The benefits of point-of-care diabetes testing

Posted on 5 November 2019

Point-of-care HbA1c testing is becoming a popular method for office-based monitoring of glucose control.

Diabetes is a serious disease that needs to be managed strictly and carefully. Part of any person with diabetes’ management strategy involves regular testing of blood sugar levels to ensure they are within the normal range – these tests help diabetics avoid life-threatening complications that arise from blood glucose levels that are too low or too high.

For people with either type 1 or type 2 diabetes, blood glucose tests are a quick and simple way to gauge whether their specific management plan is working, explains Dr Elmo Pretorius, a specialist physician and endocrinologist at Mediclinic Vergelegen.

One test is particularly useful for both diabetes patients and their doctors. “Measuring glycated haemoglobin, (HbA1c), allows us to see how well a patient on treatment is controlled by this estimate of average glucose” says Dr Pretorius, “as it gives us an overview of how their blood glucose levels have changed (for better or worse) over the past few months, which allows us to see whether our treatment plan works.”

This test has been around for decades – but a new trend is emerging that makes effective diabetes management that much more accessible for patients across South Africa.

An HbA1c test can be conducted in a doctor’s rooms, but the blood sample then needs to be analysed, and in many hospital settings, this analysis can take days to be completed. “My practice is situated directly above a lab, so my patients have those results within the same day of testing,” he says. “But for those outside SA’s metropoles, especially in remote or rural areas, you could wait days or weeks for results.”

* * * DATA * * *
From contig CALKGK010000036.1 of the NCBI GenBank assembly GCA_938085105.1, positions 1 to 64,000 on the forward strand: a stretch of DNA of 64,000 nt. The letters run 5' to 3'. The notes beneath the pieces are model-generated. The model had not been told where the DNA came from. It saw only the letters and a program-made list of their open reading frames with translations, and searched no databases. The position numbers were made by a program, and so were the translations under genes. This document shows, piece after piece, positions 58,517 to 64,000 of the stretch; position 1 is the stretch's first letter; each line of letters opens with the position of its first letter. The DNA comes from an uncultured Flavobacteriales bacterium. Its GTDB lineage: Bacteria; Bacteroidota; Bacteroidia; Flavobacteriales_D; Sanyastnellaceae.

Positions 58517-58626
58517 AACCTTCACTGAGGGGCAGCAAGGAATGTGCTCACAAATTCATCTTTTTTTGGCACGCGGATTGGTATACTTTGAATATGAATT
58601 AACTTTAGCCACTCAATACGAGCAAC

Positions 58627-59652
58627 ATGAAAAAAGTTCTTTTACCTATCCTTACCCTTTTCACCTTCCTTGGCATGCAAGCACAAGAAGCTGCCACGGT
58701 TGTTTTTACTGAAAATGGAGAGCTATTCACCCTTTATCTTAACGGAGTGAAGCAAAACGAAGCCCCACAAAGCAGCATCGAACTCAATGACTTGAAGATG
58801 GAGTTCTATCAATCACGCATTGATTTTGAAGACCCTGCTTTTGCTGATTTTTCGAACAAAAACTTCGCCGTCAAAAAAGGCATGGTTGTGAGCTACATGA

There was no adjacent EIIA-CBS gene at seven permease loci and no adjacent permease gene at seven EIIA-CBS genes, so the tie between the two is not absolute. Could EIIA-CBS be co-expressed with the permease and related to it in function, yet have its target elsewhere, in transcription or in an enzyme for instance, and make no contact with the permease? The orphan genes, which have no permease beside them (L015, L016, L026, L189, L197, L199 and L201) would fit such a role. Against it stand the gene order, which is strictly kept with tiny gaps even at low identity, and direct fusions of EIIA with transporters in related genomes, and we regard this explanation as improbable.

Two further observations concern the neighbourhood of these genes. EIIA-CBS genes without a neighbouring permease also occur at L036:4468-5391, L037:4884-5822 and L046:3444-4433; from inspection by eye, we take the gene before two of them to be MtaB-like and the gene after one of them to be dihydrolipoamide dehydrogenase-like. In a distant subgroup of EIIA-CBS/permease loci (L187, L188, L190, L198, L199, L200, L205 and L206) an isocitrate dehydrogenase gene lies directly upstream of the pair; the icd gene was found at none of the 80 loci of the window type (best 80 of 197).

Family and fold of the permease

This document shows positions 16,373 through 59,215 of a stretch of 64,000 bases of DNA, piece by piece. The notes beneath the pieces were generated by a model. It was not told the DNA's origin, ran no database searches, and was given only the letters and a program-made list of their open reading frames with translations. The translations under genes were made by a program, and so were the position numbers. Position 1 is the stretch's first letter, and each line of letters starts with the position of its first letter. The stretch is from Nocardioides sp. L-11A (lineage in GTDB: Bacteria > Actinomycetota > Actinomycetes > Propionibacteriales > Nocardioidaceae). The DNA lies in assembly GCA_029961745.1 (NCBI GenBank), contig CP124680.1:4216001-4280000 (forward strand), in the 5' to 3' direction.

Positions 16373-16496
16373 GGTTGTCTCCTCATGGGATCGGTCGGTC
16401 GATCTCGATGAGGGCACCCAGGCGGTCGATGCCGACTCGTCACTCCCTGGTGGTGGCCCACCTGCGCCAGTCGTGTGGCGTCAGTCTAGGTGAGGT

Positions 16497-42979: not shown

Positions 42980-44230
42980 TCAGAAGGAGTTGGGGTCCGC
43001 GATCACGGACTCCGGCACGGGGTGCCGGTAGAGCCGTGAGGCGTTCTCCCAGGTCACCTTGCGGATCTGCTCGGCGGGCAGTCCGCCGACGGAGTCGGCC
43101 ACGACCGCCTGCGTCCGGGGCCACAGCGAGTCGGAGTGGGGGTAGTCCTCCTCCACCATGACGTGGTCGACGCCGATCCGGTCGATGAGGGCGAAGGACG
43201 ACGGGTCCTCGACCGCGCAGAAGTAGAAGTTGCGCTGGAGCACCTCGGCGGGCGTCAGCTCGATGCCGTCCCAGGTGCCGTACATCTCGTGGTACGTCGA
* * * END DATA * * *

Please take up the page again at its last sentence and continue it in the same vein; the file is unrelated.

This is where point-of-care HbA1c testing comes in.

Generally speaking, point-of-care testing refers to any form of laboratory test conducted in the presence of a healthcare professional. Testing in this setting allows for quick and accurate results, which in turn encourages greater and more immediate dialogue between patient and doctor.

“The problem is access – if we have to test someone, wait for results, then advise them accordingly on how to adjust their course of treatment, that is time-consuming and frustrating,” Dr Pretorius says. “In the case of diabetes, a delay like that can have disastrous and even life-threatening implications.”

To understand how HbA1c testing works, Dr Pretorius explains that a red blood cell typically lives within the body for two to three months. “Haemoglobin is a protein within red blood cells that carries oxygen to cells and joins with glucose in the bloodstream,” he says. “When that happens, we say the haemoglobin is glycated, and that’s what this test looks for.”

A red blood cell typically contains approximately 270 million haemoglobin molecules. “The HbA1c test gives us a result as a percentage: if it’s higher than 6.5%, or 48 mmol/mol, that’s cause for concern. But this is an average, over the course of a blood cell’s lifespan – so even if your glucose level is normal today, this test shows us how well a patient has been able to control his or her blood sugar level over the past few months.”

A recent study in the Journal of Diabetes Science and Technology, which examined data collected from 1999 to 2016, showed that HbA1c at the point of care improves clinical outcomes, facilitates patient education and motivation and may, in future, help detect cases of prediabetes and diabetes earlier, potentially preventing diabetes-associated complications.

In rural areas, where doctors often see patients in rooms or clinics far removed from equipped blood laboratories, an accurate point-of-care HbA1c test device could save lives. “Many diabetics benefit from at-home, finger-prick blood glucose tests, but point-of-care HbA1c testing devices are specifically for use under a doctor’s supervision,” says Dr Pretorius. “If they are used correctly they are a great innovation.”

Published in Innovation